I walked in the park. I usually run or cycle with head down determined to beat the clock and my time and sweat and burn.    But I slowed down to talk and walk with a lover who didn’t’ want me any more. And sit on a bench looking far over to the corners of a park I had never seen before, not in that light.   The deer grazed closely by and we sat under a tree and I wanted to cry. As soon as I stepped out of my car I wanted to cry, looking at him, sitting down, unable to stand. I knew he’d met someone else.  I walked carefully and looked at the earth and wished I had bare feet so I could feel it between my toes and wish it would feed me with light.   We walked through trees that whispered my fears back to me but gave me hope as the sunshine burst through and then went and then came back again.   We need to talk, the need to talk, his need to talk and mine to listen to all the things that I had done wrong and why, without telling me, he was seeing someone else.  About how there were two sides to me one he didn’t like, one he loved and adored and bewitched him into doing things that he shouldn’t do, and overwhelmed his better self and side.   And how there was someone else in me, who he didn’t like, the fragile woman who has a son, who is afraid of hurting, and messing up a life that is still so fresh and free.   My son’s and mine.  And makes mistakes.  And there were countless other things he said, listed long and deep until I couldn’t see myself any more only a reflection of his words. Or the words of others who I may have met before who hadn’t seen me.   He wanted the space to think and clear his mind and his bed and his time and I let it wash over me and looked up at the tree which covered our conversation and hoped my roots were as strong and deep and sound and I could reach within myself.  I wanted to leave then but he wanted to eat and talk and suggest we don’t see each other for a month, may be two.  No dialogue I think he said.  And then we went for supper, me holding car keys that would take me away at any moment.   I questioned how a weekend in Paris full of lust and walks in the parks and along rivers and narrow streets could turn so quickly. And then echoes of the pain I had with my ex when he started seeing someone else, and accused me of things that I didn’t even know were on the list.   And I saw someone else in my love I recognized who had a strength that didn’t belong to him.  I asked him if he was seeing someone else. He said no.   Until of course I saw him a week later.  On a train to see him for the first time because the month or two became a week and he texted that he had met someone else.  And was very sad. And perhaps it wasn’t a good idea I came after all.  I still made the journey in tears which everyone ignored, including me, because denial is easy.    I saw him, but he doesn’t see me any more.  Well he wants to see me, and her, he wants to see both of us in his bed and as friends because he and I have this energy together and she doesn’t quite do it for him, so he says, and I do. And he wants to maximize his life.    And he tells me I mustn’t tell anyone.    I see him now.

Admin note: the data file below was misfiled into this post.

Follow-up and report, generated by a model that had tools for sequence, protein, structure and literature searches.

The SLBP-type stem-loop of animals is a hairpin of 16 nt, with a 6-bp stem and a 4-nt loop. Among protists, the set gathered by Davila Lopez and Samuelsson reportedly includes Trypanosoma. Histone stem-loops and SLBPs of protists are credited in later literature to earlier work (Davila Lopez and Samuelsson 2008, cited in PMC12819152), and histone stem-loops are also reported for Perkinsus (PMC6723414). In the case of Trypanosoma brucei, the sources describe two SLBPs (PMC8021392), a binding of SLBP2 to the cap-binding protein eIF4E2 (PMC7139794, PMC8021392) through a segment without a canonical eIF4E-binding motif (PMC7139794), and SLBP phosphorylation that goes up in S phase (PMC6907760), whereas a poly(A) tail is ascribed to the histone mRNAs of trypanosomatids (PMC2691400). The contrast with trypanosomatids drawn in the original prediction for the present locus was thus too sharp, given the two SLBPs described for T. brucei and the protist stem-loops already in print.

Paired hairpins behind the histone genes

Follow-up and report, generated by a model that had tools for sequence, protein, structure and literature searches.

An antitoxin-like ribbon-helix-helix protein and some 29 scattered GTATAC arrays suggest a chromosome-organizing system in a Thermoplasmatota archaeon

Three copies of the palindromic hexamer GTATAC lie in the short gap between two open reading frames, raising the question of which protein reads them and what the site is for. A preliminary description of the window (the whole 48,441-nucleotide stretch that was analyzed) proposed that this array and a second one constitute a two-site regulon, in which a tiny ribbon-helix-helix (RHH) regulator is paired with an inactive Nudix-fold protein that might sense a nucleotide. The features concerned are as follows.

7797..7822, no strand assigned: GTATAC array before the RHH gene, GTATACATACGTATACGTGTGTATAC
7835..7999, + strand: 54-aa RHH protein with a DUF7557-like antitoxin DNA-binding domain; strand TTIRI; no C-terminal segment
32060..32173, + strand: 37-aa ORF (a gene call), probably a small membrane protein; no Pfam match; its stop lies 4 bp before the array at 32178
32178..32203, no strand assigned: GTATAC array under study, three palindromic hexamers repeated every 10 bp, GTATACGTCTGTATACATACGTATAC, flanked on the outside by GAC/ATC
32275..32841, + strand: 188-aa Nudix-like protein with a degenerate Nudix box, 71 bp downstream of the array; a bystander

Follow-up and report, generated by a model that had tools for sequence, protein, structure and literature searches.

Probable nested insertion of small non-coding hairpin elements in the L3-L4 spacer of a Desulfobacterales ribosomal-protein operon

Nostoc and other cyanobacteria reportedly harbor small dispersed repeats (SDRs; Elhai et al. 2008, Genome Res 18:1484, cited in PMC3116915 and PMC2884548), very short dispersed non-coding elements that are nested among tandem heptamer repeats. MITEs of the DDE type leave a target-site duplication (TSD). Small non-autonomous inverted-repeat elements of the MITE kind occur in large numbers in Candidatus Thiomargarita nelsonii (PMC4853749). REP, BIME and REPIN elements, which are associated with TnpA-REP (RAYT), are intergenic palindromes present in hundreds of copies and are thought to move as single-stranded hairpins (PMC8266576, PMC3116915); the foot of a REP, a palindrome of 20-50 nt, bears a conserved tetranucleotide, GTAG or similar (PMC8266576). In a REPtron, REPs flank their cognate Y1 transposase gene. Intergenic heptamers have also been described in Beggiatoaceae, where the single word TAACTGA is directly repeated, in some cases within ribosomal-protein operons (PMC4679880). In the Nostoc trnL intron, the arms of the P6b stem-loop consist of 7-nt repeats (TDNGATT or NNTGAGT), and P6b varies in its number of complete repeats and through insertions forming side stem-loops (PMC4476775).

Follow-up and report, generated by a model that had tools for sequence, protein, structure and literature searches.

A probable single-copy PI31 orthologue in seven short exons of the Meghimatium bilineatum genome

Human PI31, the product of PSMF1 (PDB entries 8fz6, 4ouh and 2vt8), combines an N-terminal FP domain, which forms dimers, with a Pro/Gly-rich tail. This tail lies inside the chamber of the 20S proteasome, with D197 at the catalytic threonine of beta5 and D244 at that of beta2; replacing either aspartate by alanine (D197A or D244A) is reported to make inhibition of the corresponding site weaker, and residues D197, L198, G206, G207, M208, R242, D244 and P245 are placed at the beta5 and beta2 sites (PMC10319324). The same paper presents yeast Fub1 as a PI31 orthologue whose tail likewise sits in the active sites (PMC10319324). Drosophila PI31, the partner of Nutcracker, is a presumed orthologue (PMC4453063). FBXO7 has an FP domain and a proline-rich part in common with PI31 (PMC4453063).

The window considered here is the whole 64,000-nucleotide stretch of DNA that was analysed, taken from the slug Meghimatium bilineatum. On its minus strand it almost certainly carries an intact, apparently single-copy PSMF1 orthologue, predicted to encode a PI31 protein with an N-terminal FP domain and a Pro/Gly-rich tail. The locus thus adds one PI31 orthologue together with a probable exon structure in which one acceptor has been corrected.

Friday, 21 May 2010